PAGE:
Update and Comment on ZANU-PF Response
ZEC Urged to Take Action
Last month Veritas, with the Association of Rural Teachers Unions of Zimbabwe [ARTUZ], launched an urgent application in the Masvingo High Court to prohibit the use of school property for political purposes and the forced attendance of schoolchildren at political rallies. The Judge granted the application on 28th June and issued a provisional interdict prohibiting ZANU-PF from:
- forcing schoolchildren to attend rallies
- causing the closure of schools for any of its rallies or activities
- compelling teachers to attend rallies, to wear party regalia, to prepare performances for children to deliver at rallies, or to make contributions towards rallies
- holding rallies on school premises
- using school property for political purposes
The court also prohibited the Minister of Primary and Secondary Education and his officials from assisting political parties in any of the above activities, and ordered the Minister to take active measures, including the making of regulations, to prevent political parties from abusing school property, staff and schoolchildren.
The Case is Non-Partisan: It should be noted that Veritas and ARTUZ are not taking up this issue to strike a blow to ZANU-PF, as was suggested by one newspaper. We do not take political sides. We are taking up this case to strike a blow for children’s and teachers’ rights, the correct use of our educational resources, and for the rule of law and constitutionalism.
If there is evidence of other political parties using schools, school buses, teachers and schoolchildren for party-political purposes we will do our best to ensure that any court ruling also applies to them.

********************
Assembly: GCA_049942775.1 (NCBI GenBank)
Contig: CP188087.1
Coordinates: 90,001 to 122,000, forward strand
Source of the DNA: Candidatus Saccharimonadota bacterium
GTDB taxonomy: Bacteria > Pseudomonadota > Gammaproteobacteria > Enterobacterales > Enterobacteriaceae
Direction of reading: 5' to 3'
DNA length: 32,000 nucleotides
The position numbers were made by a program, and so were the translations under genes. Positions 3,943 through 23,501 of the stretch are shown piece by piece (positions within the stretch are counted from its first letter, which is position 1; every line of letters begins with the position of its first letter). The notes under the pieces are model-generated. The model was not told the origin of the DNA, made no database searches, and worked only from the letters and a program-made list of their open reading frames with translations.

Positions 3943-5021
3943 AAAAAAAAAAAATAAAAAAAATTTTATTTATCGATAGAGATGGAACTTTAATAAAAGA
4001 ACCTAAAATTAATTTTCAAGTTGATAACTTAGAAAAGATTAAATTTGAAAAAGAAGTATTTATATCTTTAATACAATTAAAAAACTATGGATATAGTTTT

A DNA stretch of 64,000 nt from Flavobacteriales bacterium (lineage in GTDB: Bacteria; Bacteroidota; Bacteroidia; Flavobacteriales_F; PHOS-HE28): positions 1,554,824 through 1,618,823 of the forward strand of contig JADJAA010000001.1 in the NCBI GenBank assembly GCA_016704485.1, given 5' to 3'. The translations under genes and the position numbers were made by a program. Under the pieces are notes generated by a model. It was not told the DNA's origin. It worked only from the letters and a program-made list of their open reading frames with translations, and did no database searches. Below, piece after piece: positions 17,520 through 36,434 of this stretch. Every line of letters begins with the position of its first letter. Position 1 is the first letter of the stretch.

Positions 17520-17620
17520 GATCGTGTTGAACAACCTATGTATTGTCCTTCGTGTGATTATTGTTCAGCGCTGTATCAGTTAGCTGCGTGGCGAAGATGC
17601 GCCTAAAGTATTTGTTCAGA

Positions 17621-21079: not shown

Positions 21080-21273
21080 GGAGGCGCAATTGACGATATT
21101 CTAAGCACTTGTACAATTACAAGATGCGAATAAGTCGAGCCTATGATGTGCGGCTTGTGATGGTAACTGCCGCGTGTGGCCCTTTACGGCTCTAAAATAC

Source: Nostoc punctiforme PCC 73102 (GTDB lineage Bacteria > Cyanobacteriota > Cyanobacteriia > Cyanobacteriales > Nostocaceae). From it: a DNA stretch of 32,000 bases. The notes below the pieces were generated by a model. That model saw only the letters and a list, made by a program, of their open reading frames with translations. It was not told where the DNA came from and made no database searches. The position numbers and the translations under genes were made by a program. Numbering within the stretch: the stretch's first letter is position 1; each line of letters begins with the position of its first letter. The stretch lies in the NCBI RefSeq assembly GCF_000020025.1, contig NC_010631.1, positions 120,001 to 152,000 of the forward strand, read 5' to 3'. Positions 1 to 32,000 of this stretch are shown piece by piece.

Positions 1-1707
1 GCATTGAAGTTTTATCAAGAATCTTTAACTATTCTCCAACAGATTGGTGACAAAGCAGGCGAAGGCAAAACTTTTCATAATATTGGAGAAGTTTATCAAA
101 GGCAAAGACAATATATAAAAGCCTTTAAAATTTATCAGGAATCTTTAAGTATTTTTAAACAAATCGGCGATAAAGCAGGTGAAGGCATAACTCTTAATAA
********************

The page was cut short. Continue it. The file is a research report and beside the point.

Court Decision Praised by United Nations: The court’s decision was praised by the United Nations as being in line with the UN Convention on the Rights of the Child, that the best interests of the child must be the paramount consideration in every situation and at all times. [UN statement link]
In Line with Zimbabwe Human Rights Commission Report: In 2017 the Zimbabwe Human Rights Commission investigated complaints by various teachers’ unions about ZANU-PF’s misuse of school premises and property and abuse of schoolchildren. Its conclusions were:
“The compelling of children and teachers (and to contribute financially for teachers) to attend political rallies is a violation of their right to freedom of association and assembly in terms of the Constitution. … It was also noted that there was abuse of school property and other public property as the ruling party tried to secure attendance at their political rallies. There was use of vehicles from schools and other public institutions which is undesirable.”
The Commission recommended various measures to stop the abuses, but its report and its recommendations were ignored. [ZHRC Report link]
Response by ZANU-PF
ZANU-PF has responded to the High Court’s interdict by filing a notice of appeal which is noteworthy for its vagueness and does not address the real issue in the case, namely the illegality of compelling children and their teachers to attend political rallies and of using school property for political purposes [For those interested, the response and all the other court papers are on Veritas Website [link].] The effect of noting the appeal was to suspend the High Court’s interdict pending the hearing of the appeal.
The Supreme Court will hear ZANU-PF’s appeal on the 27th July, too late for the appeal court’s decision to have any impact on the conduct of ZANU-PF and other parties in their current electoral campaigns – polling day will be only three days later.
Abuse of Schools and School Children Continuing: